Bailout didn’t help the market today, but it surely making everyone angry.

Ironically, from Fortune

A populist backlash is changing America’s political climate. Inflamed by the financial crisis and bailouts, a form of class warfare could haunt business leaders for years to come.


Washington hath no fury like Middle America scorned – and there’s reason to think it will only get uglier. The government’s massive new financial commitments will severely tie the next President’s hands in addressing middle-class concerns.

“The next President will have to temper expectations a lot,” says Middlebury College economist David Colander, “far beyond what either of the candidates has been willing to talk about.”

and how is this reflecting on the race?

If that means Republican John McCain gives up on letting the upper middle class keep the Bush tax cuts, it also means that Democrats will have to stop promising ambitious spending programs. Barack Obama rightly says it would be “irresponsible” not to review his spending menu – which includes making health care universal – in light of this new fiscal reality. As for problems like Medicare and Social Security? They’ll have to wait.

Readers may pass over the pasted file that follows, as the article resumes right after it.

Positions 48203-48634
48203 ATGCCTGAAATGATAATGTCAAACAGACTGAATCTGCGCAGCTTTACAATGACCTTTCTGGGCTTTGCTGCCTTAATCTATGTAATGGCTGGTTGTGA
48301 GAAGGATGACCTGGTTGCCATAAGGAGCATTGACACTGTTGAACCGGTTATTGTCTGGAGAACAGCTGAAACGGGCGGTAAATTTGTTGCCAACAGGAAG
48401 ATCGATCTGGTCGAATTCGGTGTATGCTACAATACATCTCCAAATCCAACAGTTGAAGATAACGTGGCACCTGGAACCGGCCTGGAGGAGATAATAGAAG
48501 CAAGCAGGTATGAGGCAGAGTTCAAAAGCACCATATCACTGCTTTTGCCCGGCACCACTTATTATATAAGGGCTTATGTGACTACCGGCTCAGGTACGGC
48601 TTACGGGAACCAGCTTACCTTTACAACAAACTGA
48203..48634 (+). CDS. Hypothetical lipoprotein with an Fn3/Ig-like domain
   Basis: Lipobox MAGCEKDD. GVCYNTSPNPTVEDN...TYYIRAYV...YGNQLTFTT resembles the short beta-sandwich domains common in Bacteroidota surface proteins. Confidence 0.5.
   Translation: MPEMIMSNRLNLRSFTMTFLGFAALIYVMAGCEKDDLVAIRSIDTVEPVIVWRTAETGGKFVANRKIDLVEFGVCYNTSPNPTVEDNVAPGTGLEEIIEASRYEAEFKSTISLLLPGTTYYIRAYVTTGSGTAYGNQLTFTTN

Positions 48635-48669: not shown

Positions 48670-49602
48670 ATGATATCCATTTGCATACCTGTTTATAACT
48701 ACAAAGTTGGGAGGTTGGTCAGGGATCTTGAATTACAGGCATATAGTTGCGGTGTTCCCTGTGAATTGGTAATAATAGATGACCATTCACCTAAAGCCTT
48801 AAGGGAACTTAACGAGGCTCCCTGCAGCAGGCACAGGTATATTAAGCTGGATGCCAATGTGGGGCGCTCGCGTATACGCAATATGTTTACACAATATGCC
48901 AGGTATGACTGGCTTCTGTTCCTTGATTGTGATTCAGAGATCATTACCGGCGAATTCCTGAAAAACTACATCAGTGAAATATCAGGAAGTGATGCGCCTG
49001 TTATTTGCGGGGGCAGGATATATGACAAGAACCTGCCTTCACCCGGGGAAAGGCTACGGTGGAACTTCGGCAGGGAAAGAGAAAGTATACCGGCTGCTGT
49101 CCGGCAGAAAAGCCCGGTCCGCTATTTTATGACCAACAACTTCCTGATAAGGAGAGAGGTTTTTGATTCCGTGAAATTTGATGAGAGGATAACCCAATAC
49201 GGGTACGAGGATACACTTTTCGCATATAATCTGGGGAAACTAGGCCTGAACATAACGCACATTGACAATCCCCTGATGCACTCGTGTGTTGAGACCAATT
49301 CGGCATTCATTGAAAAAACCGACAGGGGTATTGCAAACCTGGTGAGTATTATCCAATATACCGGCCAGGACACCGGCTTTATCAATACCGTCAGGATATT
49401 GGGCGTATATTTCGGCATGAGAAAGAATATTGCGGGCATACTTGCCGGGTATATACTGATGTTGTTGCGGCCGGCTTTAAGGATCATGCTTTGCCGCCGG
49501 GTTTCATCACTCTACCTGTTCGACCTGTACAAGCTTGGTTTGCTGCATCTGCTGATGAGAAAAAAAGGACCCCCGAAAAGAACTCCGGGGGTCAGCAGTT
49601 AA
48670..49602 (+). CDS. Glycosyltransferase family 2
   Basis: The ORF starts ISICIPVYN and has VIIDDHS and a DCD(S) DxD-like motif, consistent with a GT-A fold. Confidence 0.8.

Oh, please Obama is way ahead of you here. Not that the media does let the voters know the promises they were made are already canceled.